As a Young Professional (YP) in the up-and-coming city of Milwaukee, WI, I can tell you that it's very important to find a way to get connected in your city. It's important because in order to make a difference, you need to know who those difference makers are. To influence, you must know who holds the influence. Remember, there is influence in numbers, so you'll need to get connected with others that are like you. YP groups are sprouting up all over the country, none better than Milwaukee's own Young Professionals of Milwaukee (YPM).
I am an active member of YPM, and I can tell you that the biggest reason for our success is we offer something for everyone, and we are inclusive rather than exclusive. This is especially vital if you're looking to build a diverse group of like-minded individuals. We offer social events, cultural events at the art museum, independent film screenings, cafe style discussions about important issues facing YPs, opportunities to get involved with non-profits and behind-the-scenes looks at things nobody else has access to. So no matter what your interest, if you want to make a difference, YPM is a group that can help you get connected to the right people, not only people your own age but politicians and other high-ranking city officials who want to attract and retain top talent.
So now you know why a YP would want to connect with a group of like-minded individuals, but what happens if you don't have an organization like this in your town? Well for starters, talk to others at your place of business your age and mentality and see if they're interested in getting together after work. Touch bases with a few others you know at church, at the library, or elsewhere in your inner circle, and you'll quickly be able to grow to 30-50 individuals. Spend some time with the senior members of your company and show them the value in these groups, as evidenced by the Hot Jobs - Cool Communities reports Next Generation Consulting puts out every year, or buy an influential leader a copy of Richard Florida's great book The Rise of the Creative Class, after reading it yourself, of course. Partner with your local chamber of commerce if at all possible, or see if a few companies are willing to offer some funding for at least a few years until you can become self-sustaining. If you can demonstrate an ROI, chances are you can sell the idea to upper management.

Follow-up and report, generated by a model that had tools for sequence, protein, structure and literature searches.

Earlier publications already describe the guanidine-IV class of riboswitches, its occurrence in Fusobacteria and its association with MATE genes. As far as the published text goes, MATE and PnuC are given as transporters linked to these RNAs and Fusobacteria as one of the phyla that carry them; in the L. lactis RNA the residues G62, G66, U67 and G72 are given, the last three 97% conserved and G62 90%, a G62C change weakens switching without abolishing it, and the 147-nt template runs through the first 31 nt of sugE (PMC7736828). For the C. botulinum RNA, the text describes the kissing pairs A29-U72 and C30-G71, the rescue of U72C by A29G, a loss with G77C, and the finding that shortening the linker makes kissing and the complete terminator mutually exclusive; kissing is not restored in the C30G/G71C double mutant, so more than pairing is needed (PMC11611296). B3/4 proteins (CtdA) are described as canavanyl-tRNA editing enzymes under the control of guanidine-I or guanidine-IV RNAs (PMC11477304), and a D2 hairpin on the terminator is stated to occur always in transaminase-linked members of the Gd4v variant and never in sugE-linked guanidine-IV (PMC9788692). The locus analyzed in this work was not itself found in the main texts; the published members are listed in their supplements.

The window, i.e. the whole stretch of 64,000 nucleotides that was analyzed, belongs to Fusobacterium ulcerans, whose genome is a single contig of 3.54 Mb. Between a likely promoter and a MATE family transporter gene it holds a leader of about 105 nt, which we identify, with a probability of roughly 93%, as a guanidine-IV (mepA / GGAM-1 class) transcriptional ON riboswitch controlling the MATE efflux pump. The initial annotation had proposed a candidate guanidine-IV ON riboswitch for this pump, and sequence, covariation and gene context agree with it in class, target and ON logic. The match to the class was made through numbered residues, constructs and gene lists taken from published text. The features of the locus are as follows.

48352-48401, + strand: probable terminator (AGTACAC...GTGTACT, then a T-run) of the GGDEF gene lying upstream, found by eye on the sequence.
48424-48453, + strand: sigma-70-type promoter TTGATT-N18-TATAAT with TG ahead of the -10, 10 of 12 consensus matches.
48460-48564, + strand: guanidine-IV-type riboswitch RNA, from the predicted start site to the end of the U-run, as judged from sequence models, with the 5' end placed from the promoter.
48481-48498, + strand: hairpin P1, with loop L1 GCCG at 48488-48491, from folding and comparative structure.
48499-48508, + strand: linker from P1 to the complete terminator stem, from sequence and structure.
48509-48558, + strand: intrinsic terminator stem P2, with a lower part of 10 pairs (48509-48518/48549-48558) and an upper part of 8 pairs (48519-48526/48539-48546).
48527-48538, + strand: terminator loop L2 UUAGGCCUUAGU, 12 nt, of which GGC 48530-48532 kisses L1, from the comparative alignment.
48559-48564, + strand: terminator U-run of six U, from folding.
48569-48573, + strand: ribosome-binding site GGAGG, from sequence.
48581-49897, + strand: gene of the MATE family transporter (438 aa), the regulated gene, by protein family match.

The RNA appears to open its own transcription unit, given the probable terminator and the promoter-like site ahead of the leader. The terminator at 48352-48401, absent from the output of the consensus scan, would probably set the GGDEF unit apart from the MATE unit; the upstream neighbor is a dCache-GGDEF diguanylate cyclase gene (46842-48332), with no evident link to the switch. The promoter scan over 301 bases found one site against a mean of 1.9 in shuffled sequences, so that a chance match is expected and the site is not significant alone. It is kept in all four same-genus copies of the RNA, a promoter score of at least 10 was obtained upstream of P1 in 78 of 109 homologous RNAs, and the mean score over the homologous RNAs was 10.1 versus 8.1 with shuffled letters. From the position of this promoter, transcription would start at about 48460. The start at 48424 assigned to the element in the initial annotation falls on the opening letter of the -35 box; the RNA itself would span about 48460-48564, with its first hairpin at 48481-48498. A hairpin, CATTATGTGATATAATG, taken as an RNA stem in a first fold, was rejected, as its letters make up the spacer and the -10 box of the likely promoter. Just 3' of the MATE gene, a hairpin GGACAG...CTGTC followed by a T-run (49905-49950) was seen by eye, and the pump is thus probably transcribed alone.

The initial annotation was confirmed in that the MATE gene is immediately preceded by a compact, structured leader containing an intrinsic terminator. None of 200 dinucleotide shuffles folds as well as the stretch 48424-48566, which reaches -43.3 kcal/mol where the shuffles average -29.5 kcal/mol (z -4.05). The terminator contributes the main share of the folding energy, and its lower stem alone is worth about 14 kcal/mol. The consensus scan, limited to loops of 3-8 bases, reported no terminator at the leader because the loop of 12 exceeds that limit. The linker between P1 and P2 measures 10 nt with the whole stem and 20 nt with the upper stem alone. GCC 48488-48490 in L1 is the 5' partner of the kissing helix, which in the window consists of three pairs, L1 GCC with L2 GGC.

Associates are less likely to leave where they feel connected and engaged, and connecting and engaging your associates with other like-minded individuals is the easiest way to keep them around. Additionally, these associates are more likely to get involved in the community they live and will make your company look good by doing good around town.
In conclusion, connections are good for the associate, good for the company, and good for the community, which is ultimately good for the dollars and cents on the bottom line. With a little luck, you might start something great and turn your city into the next Milwaukee, a great city by a great lake!
Phil Gerbyshak leads a team of people as manager of an IT Help Desk in Milwaukee, WI, and finds that sharing his knowledge is a crucial component for success as a leader and as a person. Phil's personal philosophy is paraphrased from Tim Sanders' fantastic book Love is the Killer App: "Share your knowledge, your network, and your love. The rest will follow." Feel free to contact Phil at http://makeitgreat.org or call 414.640.7445 anytime.